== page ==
US 5526540 A
A nozzle assembly includes a housing with a mounting flange, a cavity, and a skirt extending from the flange to the cavity. Water and air supply ports communicate with the cavity and a socket ring divides the cavity into water and air supply regions. A discharge ball assembly includes a ball pivotally received in the socket and a discharge nozzle. A bezel has a lip covering the mounting flange, a skirt covering the housing skirt and surrounding the discharge nozzle and an end portion retaining the ball in the socket. Water and air flows are controlled by a valve member within the ball, and an additional water path provides continuous flow to an ejector orifice leading to a mixing region where air is entrained in the water flow. The discharge nozzle rotates to control the valve member but does not move axially. A clamp member is drawn by fasteners against the tub surface opposite to the mounting flange, and the housing can be mounted in different positions. In each mounting position, drain paths in the socket, the housing skirt and the bezel lip are aligned at the lowermost part of the assembly to drain water from the assembly after use.
1. A nozzle assembly for discharging a jet of water and air into a tub, said nozzle assembly comprising:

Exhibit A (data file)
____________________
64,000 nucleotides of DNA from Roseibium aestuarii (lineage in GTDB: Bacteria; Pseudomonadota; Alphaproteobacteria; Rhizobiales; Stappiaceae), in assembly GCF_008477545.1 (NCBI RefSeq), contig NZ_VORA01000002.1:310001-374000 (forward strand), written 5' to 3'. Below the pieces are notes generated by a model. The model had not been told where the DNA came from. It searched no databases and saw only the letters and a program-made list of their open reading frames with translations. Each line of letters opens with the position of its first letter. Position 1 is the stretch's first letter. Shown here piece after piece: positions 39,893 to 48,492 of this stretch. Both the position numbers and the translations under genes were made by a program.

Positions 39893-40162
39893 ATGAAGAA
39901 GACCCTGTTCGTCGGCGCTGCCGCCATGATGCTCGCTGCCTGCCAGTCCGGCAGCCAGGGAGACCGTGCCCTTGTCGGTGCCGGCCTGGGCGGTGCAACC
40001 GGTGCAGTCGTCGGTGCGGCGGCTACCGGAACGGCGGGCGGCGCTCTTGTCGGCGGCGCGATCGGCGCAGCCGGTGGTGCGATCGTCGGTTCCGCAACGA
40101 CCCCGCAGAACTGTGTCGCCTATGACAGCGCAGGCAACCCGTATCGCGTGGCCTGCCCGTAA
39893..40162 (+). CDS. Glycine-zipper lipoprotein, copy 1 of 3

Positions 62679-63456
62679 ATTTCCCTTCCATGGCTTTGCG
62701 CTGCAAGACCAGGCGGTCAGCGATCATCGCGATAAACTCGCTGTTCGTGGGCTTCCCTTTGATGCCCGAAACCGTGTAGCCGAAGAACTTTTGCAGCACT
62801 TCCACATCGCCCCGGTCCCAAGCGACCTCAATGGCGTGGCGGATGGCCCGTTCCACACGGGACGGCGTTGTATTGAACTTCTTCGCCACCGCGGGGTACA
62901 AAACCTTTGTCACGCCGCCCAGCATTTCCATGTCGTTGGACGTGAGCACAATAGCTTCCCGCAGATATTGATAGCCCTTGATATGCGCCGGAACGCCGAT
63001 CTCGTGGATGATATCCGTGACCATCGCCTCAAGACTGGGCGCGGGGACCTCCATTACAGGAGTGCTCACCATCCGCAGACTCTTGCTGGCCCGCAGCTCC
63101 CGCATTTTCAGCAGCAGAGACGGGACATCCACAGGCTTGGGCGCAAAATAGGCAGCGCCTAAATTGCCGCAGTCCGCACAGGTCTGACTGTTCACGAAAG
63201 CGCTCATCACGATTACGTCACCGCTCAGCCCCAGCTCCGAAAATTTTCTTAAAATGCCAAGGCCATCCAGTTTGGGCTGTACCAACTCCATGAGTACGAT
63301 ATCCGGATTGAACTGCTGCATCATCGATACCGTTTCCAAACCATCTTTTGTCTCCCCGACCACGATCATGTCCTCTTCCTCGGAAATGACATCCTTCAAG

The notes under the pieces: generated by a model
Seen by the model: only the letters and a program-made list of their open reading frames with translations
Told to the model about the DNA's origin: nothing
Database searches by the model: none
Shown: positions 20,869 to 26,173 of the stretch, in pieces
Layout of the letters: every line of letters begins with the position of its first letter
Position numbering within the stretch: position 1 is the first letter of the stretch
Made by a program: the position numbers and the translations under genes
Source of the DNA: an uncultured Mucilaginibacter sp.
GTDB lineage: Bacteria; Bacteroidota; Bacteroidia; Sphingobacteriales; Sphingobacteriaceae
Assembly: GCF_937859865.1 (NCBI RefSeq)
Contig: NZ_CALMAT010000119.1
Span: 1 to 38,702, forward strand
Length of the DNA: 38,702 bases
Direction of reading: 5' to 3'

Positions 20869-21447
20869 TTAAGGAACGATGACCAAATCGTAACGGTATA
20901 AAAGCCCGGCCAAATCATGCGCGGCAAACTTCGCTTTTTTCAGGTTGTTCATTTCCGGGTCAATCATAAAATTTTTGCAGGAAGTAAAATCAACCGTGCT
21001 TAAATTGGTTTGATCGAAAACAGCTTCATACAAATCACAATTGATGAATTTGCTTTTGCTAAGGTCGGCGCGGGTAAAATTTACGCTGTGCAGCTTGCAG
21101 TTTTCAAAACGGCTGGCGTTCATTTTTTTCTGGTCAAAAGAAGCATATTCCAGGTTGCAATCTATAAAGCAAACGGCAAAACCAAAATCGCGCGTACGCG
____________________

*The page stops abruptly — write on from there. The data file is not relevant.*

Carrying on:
a housing defining an air inlet and a water inlet;
a water ejector nozzle having an axis;
means defining an annular water supply path surrounding said axis and extending from said water inlet to said ejector nozzle;
a water throttling valve in said annular water supply path for varying the volume of water flowing to said ejector nozzle;
a mixing region at the downstream end of said ejector nozzle;
means defining an air supply path extending from said air inlet to said mixing region;
an outlet member movably mounted in said housing and having a discharge jet path extending from said mixing region; and
means coupling said outlet member to said water throttling valve for varying the water flow volume in response to movement of said outlet member;
the nozzle assembly being characterized by:
said water throttling valve being mounted for axial movement relative to said annular water supply path;
said outlet member being mounted for rotational movement and constrained from axial movement relative to said housing; and
said coupling means including cam means for causing axial motion of said water throttling valve in response to rotation of said outlet member.
2. A nozzle assembly as claimed in claim 1 wherein said outlet member is mounted for pivotal motion relative to said housing in order to vary the discharge jet direction.
3. A nozzle assembly as claimed in claim 1 wherein said outlet member includes a ball and said housing includes a socket pivotally holding said ball.
4. A nozzle assembly as claimed in claim 3, said water supply path being defined in the upstream end of said ball and said air supply path being defined adjacent the waist of said ball.
5. A nozzle assembly as claimed in claim 4, said socket including a seal ring contacting said ball between said water and air supply paths and separating said air and water inlets.
6. A nozzle assembly as claimed in claim 5, said seal ring including a drain notch providing restricted flow from said water inlet around said ball, and said housing including indexing means for positioning said seal ring with said drain notch at the lowest part of said seal ring.